At the end of the 1960s and early 1970s, Donald Lynden-Bell and Martin Rees proposed that the Milky Way and perhaps most other galactic nuclei might contain a central massive black hole. But the evidence for such an object was lacking at the time because the centre of the Milky Way is obscured by interstellar dust, and was detected only as a relatively faint radio source.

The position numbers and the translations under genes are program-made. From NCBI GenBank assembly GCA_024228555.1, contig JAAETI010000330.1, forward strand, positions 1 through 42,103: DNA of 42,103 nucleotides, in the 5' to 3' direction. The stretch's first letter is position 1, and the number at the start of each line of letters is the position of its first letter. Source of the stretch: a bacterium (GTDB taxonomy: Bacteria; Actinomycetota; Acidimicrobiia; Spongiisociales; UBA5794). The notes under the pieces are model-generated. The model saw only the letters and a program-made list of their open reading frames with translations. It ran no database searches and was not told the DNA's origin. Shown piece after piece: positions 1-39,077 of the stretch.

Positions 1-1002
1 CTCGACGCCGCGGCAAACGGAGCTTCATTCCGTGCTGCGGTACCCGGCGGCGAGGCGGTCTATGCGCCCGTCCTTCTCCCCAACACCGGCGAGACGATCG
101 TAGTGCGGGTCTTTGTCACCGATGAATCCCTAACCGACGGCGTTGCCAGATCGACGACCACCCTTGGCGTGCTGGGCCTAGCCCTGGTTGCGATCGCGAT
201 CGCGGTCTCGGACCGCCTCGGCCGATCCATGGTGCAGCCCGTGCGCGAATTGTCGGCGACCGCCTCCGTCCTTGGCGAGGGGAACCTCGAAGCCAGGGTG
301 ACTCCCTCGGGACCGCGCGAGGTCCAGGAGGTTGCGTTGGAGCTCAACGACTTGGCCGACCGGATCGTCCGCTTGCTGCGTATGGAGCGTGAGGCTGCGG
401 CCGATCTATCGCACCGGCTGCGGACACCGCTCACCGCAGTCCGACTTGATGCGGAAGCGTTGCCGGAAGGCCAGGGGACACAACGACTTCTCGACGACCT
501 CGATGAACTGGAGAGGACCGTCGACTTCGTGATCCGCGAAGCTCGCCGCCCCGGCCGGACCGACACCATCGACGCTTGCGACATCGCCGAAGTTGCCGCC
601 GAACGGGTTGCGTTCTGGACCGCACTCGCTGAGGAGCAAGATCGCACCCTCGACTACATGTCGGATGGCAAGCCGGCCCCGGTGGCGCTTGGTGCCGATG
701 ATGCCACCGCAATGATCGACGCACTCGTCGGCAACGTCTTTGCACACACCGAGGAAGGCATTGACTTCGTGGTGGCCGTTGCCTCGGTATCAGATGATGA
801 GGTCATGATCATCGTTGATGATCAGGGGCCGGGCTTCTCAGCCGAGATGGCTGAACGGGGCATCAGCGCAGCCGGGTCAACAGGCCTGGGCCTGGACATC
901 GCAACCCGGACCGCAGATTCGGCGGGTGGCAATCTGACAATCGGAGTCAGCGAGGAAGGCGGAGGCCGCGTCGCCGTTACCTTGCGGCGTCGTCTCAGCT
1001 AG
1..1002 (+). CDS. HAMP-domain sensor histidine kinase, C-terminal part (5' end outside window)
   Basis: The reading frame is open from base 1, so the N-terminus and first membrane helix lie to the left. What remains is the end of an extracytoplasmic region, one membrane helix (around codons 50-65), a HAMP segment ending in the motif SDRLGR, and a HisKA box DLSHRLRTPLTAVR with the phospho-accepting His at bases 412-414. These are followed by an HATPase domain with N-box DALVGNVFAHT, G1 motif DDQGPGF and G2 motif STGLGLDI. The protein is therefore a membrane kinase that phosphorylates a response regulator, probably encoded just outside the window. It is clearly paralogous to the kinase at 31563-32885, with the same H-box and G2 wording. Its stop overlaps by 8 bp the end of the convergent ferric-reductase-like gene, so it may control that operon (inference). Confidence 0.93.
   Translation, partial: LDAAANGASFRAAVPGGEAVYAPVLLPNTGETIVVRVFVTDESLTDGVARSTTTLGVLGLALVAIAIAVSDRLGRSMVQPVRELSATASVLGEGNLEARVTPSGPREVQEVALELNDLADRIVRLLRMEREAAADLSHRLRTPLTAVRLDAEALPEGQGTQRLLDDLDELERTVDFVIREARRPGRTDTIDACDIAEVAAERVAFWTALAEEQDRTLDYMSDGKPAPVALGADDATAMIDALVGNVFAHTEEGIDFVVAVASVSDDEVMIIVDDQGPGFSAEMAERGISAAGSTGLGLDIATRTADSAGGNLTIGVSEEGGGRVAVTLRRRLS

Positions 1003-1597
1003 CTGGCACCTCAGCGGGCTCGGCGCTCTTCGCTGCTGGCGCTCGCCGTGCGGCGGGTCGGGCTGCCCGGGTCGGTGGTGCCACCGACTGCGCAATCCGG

In the late 1970s and early 1980s, Charles Townes and his collaborators including Reinhard Genzel, developed instruments capable of observing the centre of the Milky Way at infrared wavelengths, which can pass through the interstellar dust clouds with relatively little obscuration. By analyzing the spectrum of such radiation, they inferred that gas is swirling around a central concentration containing a few million solar masses. These authors suggested that the central object might be a supermassive black hole, but the observations did not have sufficient angular resolution to prove that conjecture.